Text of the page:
'Angels' follows a group of Glasgow toughs who try to pull off a robbery of high-end whiskey.
The British director Ken Loach has usually gone in for kitchen-sink realism of the bleakest sort, but he does occasionally come up for air and make comedies. Of course, a Loach comedy isn’t the same thing as a Judd Apatow comedy. Beneath even the most frivolous of his escapades beats the heart of a thoroughgoing socialist scourge.
“The Angels’ Share,” about a group of Glasgow toughs who attempt to pull off a robbery of high-end whiskey in the Highlands, is alternately delightful and bewildering. The bewilderment exists because Loach can’t quite let go of his political scruples. There are sequences in this movie that are as hard-edged as anything he’s ever done and others that are not far removed from something like “Billy Elliott.” He wants to make a crowd-pleaser but doesn’t quite have the knack for it. He’s too socially conscious for that.
With his longtime collaborator, Scottish screenwriter Paul Laverty, Loach tries to give realism a bit of a bounce here. The narrative continually swerves from the gritty to the fanciful. The filmmakers don’t go in for a lot of touristy Scottish Highland stuff, but when they choose to draw on such material, it’s always in a lightly satirical vein.
Those toughs, for example, decide to wear kilts in order to credibly impersonate the alleged “Carntyne Malt Whisky Club.” By the time this happens, they have already been thoroughly domesticated in our eyes. When the film begins, Robbie (first-time actor Paul Brannigan, with a rough background similar to his character’s) has been assigned to community service after a violent episode, narrowly avoiding a jail sentence because the judge believes he can become a better man. Soon Robbie’s partner Leonie (Siobhan Reilly) has a baby boy, and, cradling the child, Robbie whispers to him that he will never hurt another person again. This is especially telling because there is a scene in “The Angels’ Share” in which Robbie is made to meet the family of a boy he battered. It’s difficult to listen to what happened, with garish flashbacks inserted, and entirely warm to Robbie afterward.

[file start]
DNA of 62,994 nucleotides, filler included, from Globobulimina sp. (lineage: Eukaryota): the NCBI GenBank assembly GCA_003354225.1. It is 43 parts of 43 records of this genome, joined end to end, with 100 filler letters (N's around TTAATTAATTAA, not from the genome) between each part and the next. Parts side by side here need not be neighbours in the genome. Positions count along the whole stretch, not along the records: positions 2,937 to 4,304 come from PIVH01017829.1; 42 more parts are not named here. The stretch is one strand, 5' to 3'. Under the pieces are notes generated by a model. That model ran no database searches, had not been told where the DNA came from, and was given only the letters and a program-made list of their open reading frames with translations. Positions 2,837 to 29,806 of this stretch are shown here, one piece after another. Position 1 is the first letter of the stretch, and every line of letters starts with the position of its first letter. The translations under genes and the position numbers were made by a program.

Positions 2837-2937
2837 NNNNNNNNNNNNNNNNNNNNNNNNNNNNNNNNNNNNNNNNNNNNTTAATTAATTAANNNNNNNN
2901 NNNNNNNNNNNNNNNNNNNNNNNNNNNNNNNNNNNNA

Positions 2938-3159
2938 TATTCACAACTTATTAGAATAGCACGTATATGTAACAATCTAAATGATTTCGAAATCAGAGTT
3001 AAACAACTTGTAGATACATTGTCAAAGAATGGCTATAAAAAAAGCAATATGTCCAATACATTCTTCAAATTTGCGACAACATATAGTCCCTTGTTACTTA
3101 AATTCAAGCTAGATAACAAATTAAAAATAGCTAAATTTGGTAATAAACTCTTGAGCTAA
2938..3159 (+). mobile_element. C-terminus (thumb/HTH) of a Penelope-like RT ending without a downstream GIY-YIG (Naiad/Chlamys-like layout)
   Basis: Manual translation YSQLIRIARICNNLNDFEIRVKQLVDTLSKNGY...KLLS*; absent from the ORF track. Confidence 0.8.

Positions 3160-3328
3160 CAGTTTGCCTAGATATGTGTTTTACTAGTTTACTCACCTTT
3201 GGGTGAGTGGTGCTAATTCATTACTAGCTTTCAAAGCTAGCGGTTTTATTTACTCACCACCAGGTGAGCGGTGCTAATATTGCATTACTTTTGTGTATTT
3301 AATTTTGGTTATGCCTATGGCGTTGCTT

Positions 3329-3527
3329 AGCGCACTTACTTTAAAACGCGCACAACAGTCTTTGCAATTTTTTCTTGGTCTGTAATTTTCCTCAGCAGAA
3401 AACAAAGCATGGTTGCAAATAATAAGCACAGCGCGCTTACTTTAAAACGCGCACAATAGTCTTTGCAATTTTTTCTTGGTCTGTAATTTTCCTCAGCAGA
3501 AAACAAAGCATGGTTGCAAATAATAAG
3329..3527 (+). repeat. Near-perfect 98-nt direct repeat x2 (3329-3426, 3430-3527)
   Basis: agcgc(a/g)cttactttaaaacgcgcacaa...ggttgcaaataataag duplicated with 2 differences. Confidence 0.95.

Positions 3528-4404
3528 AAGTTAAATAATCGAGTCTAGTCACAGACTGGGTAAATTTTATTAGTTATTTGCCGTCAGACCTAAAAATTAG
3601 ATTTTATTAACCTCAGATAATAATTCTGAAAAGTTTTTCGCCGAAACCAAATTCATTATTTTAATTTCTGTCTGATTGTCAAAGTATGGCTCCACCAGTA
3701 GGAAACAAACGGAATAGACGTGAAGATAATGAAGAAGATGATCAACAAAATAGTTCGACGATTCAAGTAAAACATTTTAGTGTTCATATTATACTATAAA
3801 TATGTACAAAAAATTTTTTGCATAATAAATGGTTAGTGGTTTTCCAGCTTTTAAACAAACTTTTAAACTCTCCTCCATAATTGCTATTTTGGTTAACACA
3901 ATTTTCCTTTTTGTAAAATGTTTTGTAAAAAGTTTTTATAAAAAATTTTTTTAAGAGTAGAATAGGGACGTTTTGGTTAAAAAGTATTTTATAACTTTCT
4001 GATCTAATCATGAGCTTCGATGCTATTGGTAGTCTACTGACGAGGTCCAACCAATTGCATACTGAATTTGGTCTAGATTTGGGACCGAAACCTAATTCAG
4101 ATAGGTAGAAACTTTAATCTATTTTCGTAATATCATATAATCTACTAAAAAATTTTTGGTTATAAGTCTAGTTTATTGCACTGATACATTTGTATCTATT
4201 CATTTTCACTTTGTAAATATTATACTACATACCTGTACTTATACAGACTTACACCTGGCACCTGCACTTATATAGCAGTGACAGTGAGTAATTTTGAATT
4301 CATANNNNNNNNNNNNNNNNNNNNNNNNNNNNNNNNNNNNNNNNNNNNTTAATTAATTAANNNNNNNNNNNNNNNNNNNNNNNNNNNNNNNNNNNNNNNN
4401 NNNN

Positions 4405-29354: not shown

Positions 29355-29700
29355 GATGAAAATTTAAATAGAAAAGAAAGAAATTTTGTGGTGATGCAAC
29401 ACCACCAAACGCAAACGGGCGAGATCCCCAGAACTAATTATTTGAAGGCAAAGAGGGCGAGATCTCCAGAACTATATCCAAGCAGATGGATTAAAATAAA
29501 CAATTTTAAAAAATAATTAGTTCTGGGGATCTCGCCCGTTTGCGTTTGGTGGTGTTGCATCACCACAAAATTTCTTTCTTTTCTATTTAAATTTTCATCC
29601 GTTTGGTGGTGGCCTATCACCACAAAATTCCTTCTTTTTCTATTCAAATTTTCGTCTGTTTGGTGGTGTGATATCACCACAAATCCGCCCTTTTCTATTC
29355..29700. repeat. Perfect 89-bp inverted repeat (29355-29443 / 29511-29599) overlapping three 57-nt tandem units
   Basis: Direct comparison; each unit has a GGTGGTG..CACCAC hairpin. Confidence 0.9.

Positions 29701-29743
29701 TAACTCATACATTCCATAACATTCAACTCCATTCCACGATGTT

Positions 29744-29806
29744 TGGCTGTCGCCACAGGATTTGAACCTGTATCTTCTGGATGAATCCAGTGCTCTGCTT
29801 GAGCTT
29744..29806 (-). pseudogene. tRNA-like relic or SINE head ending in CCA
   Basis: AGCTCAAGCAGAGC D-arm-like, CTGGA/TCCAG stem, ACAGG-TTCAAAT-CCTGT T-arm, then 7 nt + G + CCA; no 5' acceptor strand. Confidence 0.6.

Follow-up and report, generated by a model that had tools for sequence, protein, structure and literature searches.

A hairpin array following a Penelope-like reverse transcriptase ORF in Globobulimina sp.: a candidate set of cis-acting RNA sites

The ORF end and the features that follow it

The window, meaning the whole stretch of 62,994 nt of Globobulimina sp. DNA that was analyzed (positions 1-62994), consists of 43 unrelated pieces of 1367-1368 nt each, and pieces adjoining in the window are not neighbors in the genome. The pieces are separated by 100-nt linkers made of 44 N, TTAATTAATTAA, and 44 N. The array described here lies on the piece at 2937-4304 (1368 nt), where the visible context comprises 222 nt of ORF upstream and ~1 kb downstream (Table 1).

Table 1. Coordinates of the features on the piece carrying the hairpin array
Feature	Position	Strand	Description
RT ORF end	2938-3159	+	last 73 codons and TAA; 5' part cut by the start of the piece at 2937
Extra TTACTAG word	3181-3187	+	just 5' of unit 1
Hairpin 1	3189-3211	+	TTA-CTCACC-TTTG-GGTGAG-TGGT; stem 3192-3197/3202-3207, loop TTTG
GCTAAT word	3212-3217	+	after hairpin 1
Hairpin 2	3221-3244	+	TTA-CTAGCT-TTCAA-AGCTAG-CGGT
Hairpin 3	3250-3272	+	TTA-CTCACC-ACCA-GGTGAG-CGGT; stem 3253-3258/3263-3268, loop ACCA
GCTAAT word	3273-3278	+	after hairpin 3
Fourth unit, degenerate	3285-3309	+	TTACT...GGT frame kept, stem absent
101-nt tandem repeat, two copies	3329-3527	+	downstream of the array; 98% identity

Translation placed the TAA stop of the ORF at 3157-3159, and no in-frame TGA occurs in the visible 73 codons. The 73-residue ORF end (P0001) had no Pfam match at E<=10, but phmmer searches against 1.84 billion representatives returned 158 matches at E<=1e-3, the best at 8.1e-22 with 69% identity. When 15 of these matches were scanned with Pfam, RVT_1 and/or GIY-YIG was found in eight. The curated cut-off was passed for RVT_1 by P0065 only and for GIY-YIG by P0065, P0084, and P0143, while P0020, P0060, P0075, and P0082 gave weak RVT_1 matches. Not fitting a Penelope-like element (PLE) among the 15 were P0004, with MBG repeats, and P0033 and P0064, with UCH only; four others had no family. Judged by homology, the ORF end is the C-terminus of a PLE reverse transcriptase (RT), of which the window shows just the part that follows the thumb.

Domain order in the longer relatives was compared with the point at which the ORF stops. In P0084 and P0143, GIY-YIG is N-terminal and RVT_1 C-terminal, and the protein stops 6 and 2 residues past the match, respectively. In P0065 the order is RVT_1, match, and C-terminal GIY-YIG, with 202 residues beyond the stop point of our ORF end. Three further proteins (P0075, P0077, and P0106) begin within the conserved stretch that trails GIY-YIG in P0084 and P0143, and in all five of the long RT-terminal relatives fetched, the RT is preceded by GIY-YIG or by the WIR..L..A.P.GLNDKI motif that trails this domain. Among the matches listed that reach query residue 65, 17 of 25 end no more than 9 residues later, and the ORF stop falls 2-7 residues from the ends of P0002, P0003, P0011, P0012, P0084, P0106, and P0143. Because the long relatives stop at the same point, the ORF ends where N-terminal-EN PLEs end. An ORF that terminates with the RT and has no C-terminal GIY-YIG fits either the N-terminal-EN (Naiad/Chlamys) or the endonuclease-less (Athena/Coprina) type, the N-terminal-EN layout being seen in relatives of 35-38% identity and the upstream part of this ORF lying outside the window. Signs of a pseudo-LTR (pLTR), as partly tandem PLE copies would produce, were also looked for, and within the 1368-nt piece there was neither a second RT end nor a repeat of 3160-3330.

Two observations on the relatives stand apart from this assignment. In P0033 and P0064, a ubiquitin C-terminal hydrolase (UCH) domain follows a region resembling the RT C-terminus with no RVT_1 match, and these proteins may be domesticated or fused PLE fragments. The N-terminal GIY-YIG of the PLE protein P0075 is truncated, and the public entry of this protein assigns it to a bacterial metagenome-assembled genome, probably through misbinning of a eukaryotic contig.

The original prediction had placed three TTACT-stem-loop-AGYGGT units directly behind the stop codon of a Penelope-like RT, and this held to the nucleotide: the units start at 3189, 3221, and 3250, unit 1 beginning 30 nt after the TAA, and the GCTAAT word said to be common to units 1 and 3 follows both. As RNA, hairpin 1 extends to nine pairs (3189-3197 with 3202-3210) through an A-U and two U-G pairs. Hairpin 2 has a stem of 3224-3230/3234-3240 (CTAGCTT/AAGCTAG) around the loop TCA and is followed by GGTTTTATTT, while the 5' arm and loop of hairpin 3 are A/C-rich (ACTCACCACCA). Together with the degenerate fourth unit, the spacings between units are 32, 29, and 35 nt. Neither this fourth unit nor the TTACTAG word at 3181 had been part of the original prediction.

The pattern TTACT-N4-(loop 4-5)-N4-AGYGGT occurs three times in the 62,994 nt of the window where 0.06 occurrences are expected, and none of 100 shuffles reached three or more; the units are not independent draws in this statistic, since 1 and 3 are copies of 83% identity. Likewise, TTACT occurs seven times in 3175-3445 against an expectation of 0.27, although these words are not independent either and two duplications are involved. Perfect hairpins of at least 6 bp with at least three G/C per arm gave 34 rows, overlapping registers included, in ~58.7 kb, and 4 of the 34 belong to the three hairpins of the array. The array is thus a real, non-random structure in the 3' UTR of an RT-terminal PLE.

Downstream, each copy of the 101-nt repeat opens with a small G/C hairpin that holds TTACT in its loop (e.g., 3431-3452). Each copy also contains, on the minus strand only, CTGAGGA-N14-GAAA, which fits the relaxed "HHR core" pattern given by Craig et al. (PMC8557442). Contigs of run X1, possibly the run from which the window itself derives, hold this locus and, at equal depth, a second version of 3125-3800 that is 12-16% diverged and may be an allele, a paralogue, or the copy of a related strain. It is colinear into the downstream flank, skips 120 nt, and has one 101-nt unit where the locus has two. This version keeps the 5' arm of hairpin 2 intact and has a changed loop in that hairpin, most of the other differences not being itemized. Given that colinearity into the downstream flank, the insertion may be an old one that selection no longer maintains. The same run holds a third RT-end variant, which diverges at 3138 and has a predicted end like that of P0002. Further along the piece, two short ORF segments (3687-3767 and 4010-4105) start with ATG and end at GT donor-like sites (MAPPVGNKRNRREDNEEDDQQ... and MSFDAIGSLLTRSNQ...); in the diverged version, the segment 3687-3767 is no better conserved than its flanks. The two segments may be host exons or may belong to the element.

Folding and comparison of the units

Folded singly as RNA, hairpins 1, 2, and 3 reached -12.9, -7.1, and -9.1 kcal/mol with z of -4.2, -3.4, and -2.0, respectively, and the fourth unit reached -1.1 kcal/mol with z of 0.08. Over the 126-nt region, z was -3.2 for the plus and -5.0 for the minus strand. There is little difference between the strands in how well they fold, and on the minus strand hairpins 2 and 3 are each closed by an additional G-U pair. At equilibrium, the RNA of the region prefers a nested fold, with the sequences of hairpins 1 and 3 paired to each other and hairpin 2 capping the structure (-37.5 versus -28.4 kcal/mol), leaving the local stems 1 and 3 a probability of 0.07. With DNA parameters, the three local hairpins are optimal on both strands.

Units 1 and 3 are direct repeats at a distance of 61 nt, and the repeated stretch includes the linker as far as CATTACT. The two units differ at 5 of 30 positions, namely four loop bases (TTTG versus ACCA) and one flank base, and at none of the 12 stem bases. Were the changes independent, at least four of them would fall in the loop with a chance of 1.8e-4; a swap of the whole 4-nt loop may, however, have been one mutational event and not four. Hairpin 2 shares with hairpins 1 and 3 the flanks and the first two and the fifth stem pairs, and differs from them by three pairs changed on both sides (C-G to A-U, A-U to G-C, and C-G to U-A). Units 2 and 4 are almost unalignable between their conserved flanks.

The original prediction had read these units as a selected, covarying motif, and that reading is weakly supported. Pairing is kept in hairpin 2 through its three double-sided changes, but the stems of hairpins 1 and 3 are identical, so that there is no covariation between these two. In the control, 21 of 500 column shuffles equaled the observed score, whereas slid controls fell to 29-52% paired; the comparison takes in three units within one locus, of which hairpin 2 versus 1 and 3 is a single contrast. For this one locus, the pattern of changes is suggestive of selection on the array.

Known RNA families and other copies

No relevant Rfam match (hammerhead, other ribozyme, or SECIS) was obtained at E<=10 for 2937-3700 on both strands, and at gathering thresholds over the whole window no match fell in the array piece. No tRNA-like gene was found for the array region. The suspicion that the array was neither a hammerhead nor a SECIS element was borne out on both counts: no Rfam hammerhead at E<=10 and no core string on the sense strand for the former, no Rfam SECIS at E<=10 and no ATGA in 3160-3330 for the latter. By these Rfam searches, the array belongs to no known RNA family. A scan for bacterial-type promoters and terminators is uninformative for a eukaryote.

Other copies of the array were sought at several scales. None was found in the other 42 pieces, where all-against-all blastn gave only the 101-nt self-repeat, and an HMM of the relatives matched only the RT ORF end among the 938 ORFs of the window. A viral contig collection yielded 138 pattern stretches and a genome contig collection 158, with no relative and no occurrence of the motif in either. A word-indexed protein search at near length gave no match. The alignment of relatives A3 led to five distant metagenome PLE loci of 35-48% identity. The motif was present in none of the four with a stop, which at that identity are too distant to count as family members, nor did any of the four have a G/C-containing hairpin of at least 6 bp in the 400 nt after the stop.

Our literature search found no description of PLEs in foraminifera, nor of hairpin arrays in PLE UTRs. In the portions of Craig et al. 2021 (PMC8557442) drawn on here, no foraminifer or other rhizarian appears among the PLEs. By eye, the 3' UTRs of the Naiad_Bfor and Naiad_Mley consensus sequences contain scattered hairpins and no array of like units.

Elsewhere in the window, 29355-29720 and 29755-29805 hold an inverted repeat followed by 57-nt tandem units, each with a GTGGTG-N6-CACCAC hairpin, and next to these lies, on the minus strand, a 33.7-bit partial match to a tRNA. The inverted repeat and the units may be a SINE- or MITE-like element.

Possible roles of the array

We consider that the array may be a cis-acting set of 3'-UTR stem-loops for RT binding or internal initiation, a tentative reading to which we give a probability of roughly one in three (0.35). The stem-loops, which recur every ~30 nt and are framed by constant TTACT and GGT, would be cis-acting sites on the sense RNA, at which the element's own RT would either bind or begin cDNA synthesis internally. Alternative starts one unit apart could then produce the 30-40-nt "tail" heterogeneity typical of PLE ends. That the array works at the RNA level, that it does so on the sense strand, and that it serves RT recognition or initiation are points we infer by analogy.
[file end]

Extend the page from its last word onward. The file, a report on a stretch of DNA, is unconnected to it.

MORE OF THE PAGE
The other miscreants assigned to community service are a bumptious lot (another sign that Loach is in a mellow mood). Dweeby Albert (Gary Maitland), jokester Rhino (William Ruane), and klepto Mo (Jasmin Riggins) all fall in line with Robbie’s whiskey-heist scheme, hatched when the group’s kindly counselor, Harry (John Henshaw), takes them on a guided tour of a local distillery. Harry takes a particular interest in Robbie because he sees what an outcast Leonie’s family – society itself, in Loach’s view – has made of him. Harry is the film’s finest creation, a man who possesses the most refined instincts for gauging the good in people, especially misfits. He’s like a guardian angel but, thanks to Henshaw’s warm performance, he comes across as entirely credible.
How does Loach turn this rather mild material into a social tract? Robbie, it turns out, has an amazing nose for whiskey. He can decode the various blends with just a whiff. So we are led to believe that the proletariat is innately every bit as refined as the ruling class. And because Robbie is ripping off people who are idiotic enough to spend a million pounds for a bottle of very rare whiskey, he’s something of a Robin Hood, too. Only the spoils mostly go into the pockets of the thieves. The title of “The Angels’ Share” refers to the 2 percent of whiskey that vaporizes annually as it matures. The film itself vaporizes before your eyes, but it’s likable. Given its unstable mishmash of thuggery and whimsy, that’s something of an achievement. Grade: B-